On August 12, 2013, a man riding a 2006 Suzuki GSX-R1000 suddenly hit the pavement as he was taking a corner. When police arrived, he told officers that he thought he hit a patch of gravel, but a different cause may have been lurking in the shadows. Worse yet, Suzuki may have known about this problem, but did nothing about it until the end of the riding season. Now, the motorcycle manufacturer must defend itself in court.
Suzuki Sued for Defective Brakes
In October of 2013, Suzuki recalled over 210,000 motorcycles from the 2004 through 2013 model years. These models included their famous GSX-R600, GSX-R750 and the GSX-R1000 superbike. The issue was front brakes that wouldn’t always function properly. At the time, Suzuki claimed that no one had suffered injuries due to the issue, but that claim may have been premature.
The rider mentioned above suffered a shattered spine due to his crash back in August. This injury kept him from returning to his career with the post office and forced him to endure a long road to recovery. At first, he thought a patch of gravel was to blame, but soon he learned of this potential defect in his bike’s braking system. After investigating, it became clear to him that his crash might have been prevented if Suzuki had issued a recall for braking failures earlier in that year, so the man sued Suzuki for $14 million.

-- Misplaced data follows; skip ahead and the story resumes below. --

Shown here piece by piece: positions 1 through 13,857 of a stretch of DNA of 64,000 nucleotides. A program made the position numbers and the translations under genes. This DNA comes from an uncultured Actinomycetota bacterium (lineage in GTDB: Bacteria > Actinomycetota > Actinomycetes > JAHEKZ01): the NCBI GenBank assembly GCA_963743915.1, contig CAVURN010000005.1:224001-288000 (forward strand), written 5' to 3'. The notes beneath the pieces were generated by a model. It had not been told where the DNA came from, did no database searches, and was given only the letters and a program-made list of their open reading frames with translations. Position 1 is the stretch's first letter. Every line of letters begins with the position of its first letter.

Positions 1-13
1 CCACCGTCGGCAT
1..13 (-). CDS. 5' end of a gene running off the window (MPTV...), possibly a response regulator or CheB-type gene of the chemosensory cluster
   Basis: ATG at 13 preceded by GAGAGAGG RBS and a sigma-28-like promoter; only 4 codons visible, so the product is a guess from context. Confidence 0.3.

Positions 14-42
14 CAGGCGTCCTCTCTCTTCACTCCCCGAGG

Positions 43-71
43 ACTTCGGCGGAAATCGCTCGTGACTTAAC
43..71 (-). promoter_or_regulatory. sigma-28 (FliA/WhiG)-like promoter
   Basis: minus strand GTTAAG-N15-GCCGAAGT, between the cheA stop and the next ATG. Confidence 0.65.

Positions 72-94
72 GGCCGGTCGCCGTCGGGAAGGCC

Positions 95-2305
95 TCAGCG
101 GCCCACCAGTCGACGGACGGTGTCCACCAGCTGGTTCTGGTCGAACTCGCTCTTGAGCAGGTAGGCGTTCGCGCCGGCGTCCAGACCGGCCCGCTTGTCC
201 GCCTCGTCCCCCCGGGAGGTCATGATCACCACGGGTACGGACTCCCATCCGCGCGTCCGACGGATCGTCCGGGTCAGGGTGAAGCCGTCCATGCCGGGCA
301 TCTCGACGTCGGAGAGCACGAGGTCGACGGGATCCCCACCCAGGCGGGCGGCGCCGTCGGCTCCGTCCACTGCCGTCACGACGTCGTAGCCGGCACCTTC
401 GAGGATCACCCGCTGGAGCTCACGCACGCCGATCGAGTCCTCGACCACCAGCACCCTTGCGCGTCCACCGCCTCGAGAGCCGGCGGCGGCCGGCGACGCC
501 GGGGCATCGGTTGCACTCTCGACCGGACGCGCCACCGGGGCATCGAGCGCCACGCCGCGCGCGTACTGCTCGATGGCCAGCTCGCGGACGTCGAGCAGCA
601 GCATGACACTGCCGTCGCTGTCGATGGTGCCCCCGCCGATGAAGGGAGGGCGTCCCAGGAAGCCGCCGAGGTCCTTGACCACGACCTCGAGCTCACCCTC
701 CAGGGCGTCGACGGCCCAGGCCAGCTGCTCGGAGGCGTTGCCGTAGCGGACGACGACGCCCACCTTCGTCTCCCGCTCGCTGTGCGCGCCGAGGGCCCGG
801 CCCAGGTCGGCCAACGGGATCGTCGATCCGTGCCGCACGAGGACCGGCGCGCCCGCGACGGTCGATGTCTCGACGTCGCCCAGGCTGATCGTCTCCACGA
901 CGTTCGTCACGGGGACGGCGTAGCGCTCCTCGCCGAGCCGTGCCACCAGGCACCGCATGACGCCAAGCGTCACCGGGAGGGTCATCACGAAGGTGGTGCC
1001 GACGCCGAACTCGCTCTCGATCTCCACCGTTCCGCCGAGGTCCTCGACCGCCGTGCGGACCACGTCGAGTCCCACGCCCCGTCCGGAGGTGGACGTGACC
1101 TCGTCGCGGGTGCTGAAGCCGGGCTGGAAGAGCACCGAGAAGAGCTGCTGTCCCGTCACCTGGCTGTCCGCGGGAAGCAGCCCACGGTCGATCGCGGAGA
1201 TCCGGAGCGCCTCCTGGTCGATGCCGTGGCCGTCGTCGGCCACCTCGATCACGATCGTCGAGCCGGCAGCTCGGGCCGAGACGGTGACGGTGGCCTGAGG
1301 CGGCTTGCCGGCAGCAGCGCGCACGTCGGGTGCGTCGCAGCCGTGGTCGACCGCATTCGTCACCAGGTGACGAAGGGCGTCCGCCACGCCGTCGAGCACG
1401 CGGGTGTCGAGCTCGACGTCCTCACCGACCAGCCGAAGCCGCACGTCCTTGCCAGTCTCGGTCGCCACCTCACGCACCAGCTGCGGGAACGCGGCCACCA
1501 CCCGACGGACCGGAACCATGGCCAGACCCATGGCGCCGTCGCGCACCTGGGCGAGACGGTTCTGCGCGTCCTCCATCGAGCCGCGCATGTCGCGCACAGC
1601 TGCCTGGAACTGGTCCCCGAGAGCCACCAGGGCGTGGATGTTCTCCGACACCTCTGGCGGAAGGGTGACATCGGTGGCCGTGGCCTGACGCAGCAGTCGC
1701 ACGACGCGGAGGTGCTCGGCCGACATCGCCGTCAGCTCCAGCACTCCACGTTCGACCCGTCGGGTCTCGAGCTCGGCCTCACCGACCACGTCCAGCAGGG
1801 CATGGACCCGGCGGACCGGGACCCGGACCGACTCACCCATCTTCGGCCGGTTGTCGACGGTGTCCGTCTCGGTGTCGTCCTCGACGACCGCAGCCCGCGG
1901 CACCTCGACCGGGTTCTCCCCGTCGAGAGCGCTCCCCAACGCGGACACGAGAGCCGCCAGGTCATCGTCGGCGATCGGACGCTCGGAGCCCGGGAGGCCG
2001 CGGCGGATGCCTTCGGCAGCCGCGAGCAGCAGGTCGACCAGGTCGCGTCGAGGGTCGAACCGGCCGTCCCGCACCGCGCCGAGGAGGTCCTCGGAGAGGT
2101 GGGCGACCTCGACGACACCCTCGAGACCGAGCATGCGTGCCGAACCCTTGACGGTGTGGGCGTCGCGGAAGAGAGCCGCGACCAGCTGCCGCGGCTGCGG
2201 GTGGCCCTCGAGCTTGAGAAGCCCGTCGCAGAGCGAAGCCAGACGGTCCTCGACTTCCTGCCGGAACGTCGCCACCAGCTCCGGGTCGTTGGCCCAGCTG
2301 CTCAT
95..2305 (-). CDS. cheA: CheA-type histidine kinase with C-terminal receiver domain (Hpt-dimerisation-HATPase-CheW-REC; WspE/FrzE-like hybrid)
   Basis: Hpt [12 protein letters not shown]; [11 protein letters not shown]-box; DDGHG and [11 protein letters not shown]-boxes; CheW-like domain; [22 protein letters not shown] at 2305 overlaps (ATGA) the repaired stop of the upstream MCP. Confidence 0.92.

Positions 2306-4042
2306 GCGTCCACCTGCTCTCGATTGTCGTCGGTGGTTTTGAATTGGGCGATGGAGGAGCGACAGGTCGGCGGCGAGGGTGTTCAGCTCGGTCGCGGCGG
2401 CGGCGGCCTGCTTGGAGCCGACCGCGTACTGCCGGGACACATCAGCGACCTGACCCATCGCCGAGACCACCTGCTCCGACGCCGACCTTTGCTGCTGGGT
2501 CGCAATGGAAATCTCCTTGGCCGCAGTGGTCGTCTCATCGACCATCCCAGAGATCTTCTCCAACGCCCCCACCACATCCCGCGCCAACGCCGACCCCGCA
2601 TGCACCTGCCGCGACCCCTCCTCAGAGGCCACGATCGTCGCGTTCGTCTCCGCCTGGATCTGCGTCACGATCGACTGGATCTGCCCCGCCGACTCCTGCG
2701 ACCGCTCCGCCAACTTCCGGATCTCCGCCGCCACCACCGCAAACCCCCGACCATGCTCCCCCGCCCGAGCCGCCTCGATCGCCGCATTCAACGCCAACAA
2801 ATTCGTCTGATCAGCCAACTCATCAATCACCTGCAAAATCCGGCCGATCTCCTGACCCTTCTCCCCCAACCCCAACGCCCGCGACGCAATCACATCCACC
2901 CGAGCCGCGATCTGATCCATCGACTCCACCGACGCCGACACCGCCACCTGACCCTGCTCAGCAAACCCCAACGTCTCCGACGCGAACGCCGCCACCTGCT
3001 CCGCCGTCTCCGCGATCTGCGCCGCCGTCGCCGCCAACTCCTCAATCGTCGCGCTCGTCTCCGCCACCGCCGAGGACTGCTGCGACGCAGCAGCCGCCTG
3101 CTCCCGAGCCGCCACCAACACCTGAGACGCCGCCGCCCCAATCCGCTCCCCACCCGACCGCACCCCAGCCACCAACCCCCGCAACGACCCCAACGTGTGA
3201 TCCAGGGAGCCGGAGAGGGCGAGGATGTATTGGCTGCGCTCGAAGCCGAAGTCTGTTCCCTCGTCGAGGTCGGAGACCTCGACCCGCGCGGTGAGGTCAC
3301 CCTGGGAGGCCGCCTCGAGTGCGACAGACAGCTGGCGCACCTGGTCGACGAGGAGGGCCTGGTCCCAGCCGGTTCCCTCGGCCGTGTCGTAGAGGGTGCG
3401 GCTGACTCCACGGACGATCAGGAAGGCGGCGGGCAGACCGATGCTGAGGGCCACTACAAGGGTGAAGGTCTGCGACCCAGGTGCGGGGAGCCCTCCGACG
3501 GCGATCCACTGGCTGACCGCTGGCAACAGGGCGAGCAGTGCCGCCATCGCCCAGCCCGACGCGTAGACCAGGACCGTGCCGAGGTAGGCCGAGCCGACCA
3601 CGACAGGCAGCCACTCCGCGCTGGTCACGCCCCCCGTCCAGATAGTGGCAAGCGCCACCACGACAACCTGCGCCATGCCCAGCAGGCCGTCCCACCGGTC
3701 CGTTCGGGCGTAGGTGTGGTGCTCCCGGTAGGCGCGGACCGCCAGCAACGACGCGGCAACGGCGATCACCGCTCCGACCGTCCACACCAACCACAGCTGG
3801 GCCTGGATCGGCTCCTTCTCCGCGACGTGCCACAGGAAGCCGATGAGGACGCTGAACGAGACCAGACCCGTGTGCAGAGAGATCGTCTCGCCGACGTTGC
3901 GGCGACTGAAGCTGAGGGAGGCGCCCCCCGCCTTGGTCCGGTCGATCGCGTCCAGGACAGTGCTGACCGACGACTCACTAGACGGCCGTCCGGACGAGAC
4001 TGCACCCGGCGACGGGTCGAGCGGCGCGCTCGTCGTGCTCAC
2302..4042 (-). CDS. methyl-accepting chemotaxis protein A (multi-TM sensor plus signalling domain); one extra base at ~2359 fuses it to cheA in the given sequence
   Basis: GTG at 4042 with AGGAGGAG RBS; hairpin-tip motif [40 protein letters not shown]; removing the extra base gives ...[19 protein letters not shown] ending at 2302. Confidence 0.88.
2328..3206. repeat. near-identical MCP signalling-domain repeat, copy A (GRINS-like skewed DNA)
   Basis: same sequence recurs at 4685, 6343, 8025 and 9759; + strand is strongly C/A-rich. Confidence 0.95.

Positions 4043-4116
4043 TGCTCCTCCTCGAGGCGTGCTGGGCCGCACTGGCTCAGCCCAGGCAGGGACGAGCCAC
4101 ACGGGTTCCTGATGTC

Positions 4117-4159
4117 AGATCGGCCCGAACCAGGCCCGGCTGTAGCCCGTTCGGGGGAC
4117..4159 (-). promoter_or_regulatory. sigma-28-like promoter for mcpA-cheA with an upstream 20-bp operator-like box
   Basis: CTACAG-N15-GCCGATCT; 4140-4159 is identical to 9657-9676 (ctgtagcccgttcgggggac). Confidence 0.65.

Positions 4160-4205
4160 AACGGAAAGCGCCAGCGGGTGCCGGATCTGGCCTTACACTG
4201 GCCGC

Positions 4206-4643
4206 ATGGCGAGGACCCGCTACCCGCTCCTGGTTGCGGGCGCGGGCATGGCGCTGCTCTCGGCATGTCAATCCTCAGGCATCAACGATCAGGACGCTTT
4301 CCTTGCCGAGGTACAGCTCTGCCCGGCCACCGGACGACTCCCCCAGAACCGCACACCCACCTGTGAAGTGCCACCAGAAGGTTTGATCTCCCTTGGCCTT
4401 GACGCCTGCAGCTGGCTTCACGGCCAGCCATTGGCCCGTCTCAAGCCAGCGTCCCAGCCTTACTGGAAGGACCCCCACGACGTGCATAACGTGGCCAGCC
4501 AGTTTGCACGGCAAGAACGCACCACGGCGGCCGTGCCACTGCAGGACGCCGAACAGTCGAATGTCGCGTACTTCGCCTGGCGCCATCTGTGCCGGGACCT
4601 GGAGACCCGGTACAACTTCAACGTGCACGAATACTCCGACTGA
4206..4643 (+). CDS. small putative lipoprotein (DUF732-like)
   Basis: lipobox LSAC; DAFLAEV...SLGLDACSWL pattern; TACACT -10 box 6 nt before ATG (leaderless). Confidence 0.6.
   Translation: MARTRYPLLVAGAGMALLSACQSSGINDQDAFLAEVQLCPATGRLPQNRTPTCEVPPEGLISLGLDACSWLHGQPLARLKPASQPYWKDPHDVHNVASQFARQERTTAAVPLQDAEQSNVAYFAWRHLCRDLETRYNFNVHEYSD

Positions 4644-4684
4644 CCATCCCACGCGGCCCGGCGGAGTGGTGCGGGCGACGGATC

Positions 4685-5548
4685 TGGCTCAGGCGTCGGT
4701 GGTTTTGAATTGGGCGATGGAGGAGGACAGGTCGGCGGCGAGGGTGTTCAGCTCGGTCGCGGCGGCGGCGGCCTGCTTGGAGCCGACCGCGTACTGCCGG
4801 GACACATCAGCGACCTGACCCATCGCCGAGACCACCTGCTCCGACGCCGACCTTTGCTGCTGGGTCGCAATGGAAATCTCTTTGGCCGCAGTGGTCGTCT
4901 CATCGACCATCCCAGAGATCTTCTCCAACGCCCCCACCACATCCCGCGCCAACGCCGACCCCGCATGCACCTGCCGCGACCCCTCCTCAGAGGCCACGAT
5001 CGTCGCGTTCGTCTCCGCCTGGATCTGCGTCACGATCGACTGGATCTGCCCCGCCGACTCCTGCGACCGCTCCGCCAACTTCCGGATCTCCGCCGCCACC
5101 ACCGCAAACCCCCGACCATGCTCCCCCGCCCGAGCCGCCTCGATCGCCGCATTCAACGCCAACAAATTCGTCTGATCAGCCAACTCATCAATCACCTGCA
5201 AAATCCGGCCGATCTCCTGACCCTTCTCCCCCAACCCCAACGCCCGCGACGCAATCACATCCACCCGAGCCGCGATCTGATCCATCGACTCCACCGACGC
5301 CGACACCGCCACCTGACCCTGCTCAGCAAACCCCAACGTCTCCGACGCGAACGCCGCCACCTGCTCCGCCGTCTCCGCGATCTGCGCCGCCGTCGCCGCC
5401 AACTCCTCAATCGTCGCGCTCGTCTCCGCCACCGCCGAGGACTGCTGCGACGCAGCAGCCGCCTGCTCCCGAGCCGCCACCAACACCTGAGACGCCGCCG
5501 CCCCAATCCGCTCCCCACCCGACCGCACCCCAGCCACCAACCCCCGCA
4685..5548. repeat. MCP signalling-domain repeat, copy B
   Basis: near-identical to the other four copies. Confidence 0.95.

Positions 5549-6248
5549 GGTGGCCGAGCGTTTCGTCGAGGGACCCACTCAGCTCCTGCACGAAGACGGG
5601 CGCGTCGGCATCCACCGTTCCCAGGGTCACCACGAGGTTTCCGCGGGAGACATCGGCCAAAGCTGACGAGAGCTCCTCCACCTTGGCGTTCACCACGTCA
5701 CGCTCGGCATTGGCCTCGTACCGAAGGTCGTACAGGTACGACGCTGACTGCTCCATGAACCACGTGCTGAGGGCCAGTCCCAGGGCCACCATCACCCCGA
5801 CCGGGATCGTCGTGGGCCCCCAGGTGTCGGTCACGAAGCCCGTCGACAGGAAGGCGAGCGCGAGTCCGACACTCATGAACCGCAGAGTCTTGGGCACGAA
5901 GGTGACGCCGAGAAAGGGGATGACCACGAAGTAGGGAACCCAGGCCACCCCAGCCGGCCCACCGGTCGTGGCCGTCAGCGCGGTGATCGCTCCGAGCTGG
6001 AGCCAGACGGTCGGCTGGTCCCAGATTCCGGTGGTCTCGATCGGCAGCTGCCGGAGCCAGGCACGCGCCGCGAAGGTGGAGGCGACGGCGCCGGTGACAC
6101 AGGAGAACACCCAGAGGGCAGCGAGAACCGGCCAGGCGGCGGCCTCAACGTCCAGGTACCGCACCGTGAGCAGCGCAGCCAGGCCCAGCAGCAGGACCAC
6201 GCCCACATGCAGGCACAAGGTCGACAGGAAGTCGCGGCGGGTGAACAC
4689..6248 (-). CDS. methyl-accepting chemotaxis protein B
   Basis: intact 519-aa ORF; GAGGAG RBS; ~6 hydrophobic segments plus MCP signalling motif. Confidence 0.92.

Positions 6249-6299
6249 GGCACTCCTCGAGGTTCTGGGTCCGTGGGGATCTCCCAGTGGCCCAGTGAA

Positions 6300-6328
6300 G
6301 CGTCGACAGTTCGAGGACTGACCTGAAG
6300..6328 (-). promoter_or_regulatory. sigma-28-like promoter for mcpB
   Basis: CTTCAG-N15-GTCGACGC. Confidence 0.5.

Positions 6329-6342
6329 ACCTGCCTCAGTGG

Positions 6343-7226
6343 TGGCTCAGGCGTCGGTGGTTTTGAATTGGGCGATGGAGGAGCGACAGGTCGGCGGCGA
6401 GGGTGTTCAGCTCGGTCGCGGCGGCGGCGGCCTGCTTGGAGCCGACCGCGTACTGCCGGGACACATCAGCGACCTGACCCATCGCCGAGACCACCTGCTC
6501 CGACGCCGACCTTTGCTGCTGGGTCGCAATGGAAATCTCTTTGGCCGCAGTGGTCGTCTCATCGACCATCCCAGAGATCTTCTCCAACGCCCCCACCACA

The company responded to the case by claiming that the rider was in fact riding recklessly. It called an expert to point out irregularities in the scene, and to try to convince the jury that the plaintiff’s brakes were not malfunctioning. However, the rider defended his claim using the testimony of several other Suzuki riders who had experienced the same braking failure he had. Their stories were very similar to the plaintiff’s. In addition to that, post-crash tests were performed on the motorcycle, and it was shown that the front brake system was not working.
After less than five hours of deliberations, the jury sided with the plaintiff. The testimony of his fellow riders and the post-crash testing outweighed the claims of Suzuki’s expert witness. The jury awarded the rider $12.5 million—2 million of which went to the rider’s wife for her suffering.
Suzuki’s claim that its 2013 recall wasn’t responsible for any injuries may not have taken this man’s case into account, which is why it is so important to contact experienced help when dealing with your crash. Manufacturers would like the public to think that product defects like this don’t hurt anyone, but these mistakes do affect people’s lives. Making sure that your crash is properly investigated could be the only way to ensure that you don’t become the victim of this type of negligence.